Medius of Larissa
Medius (in Greek Mηδιoς; lived 4th century BC), son of Oxythemis, was a native of Larissa in Thessaly and a friend of Alexander the Great. He is mentioned as commanding a trireme during the descent of the Indus river, but with this exception his name does not occur in the military operations of the king. He appears, however, to have enjoyed a high place in the personal favor of the monarch, and it was at his house that Alexander supped just before his last illness. Hence, according to After the death of Alexander, Medius followed the fortunes of Antigonus Monophthalmus, whose fleet we find him commanding in 314 BC, when he defeated and took thirty-six ships of the Pydnaeans, who,had espoused the party of Cassander. The following year (313 BC) he took Miletus, and afterwards relieved the city of Oreus in Euboea, which was besieged by Cassander himself. Again in 312 BC, he was despatched by Antigonus with a fleet of 150 ships, to make a descent in Greece, and landed a large army in Boeotia under Ptolemy; after which he returned to Asia to co-operate with Antigonus himself, at the Hellespont. In 306 BC we find him present in the great sea-fight off Salamis in Cyprus, on which occasion he commanded the left wing of the fleet of Demetrius Poliorcetes. It appears also that he accompanied Antigonus on his unsuccessful expedition against Ptolemaic Egypt in the same year, but after this we hear no more of him. His authority is cited by Strabo in a manner that would lead us to conclude he had left some historical work (edition: Fragmente der griechischen Historiker, no. 129), but we find no further mention of him as a writer.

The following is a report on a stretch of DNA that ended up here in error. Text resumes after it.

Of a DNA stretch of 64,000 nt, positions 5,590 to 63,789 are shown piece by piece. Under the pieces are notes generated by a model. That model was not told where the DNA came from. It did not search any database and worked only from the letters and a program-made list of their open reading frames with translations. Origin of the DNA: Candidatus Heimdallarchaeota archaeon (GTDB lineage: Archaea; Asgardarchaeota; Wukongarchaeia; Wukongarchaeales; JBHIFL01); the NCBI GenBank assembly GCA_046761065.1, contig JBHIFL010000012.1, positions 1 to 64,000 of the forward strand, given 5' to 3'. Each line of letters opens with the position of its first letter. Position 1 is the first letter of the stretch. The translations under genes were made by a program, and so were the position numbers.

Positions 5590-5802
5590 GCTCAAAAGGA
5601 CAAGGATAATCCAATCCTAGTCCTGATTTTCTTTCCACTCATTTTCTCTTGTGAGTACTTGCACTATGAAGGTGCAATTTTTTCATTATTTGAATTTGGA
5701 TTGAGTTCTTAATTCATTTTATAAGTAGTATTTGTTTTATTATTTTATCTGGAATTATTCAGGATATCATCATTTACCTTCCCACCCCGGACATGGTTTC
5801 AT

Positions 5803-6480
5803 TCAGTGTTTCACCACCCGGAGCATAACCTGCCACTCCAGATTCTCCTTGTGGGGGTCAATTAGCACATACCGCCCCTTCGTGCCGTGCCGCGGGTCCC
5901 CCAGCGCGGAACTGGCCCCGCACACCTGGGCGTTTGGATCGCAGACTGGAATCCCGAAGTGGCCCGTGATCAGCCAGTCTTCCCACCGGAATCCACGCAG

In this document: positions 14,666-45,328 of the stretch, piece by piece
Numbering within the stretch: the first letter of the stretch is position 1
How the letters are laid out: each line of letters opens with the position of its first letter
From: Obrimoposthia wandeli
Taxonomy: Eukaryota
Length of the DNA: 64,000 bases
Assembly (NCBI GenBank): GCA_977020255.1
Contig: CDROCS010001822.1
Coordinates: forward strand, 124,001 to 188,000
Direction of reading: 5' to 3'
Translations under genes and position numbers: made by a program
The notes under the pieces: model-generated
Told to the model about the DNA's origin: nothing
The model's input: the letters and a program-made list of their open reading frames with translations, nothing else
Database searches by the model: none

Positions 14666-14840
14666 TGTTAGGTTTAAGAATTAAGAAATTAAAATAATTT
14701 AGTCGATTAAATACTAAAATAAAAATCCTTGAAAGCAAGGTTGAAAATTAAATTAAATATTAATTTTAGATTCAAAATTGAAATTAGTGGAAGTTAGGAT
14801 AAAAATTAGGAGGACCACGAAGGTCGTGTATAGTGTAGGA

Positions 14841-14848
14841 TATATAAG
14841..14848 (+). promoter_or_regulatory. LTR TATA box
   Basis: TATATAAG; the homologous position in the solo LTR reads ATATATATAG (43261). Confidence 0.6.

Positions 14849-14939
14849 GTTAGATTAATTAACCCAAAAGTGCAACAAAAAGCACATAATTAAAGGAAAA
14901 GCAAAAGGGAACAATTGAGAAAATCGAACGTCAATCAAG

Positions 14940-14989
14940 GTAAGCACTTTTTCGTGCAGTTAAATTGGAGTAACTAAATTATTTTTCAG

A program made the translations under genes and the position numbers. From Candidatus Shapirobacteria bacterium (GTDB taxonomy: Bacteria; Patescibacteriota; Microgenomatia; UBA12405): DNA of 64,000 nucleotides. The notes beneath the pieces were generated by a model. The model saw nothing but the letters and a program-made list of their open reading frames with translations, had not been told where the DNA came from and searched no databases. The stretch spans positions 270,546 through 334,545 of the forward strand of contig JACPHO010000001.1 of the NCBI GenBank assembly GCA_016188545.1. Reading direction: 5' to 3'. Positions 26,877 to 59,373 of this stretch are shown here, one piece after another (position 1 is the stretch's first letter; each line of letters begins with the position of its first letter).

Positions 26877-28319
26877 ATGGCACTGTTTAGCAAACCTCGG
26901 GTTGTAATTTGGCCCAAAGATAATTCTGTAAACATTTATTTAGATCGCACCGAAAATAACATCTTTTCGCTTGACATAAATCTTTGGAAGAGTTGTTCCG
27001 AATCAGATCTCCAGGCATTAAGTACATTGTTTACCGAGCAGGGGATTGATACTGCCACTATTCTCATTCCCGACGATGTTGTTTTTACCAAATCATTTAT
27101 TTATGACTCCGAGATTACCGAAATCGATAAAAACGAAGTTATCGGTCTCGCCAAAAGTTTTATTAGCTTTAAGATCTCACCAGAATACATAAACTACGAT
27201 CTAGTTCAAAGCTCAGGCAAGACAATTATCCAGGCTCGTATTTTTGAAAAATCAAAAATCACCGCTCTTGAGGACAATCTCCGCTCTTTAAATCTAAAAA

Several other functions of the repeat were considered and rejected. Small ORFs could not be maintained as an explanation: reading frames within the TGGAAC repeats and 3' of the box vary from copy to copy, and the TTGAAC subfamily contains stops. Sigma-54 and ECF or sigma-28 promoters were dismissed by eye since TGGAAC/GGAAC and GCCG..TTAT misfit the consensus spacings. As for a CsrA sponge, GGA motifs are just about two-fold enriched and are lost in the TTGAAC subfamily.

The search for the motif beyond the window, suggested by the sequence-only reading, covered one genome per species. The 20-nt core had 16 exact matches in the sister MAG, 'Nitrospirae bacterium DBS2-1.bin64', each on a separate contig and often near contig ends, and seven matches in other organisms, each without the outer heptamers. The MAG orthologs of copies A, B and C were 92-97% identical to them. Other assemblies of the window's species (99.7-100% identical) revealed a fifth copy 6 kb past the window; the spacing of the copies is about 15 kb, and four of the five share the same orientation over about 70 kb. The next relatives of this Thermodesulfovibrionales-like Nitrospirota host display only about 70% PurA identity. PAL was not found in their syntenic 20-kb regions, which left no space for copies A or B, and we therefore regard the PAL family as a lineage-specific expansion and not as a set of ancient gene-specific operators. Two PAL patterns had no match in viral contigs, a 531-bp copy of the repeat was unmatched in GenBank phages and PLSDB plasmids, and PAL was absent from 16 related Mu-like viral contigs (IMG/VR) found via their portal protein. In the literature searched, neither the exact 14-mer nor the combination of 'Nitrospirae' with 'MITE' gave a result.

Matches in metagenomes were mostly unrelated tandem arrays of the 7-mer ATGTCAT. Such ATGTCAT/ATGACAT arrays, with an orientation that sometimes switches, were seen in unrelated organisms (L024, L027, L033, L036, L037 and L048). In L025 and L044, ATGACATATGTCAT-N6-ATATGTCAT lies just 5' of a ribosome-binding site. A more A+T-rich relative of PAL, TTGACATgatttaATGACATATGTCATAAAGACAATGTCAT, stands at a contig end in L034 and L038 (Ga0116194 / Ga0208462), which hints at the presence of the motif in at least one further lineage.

- Smith, William (editor); Dictionary of Greek and Roman Biography and Mythology, "Medius (2)", Boston, (1867)
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This article incorporates text from a publication now in the public domain: Smith, William, ed. (1870). "article name needed". Dictionary of Greek and Roman Biography and Mythology.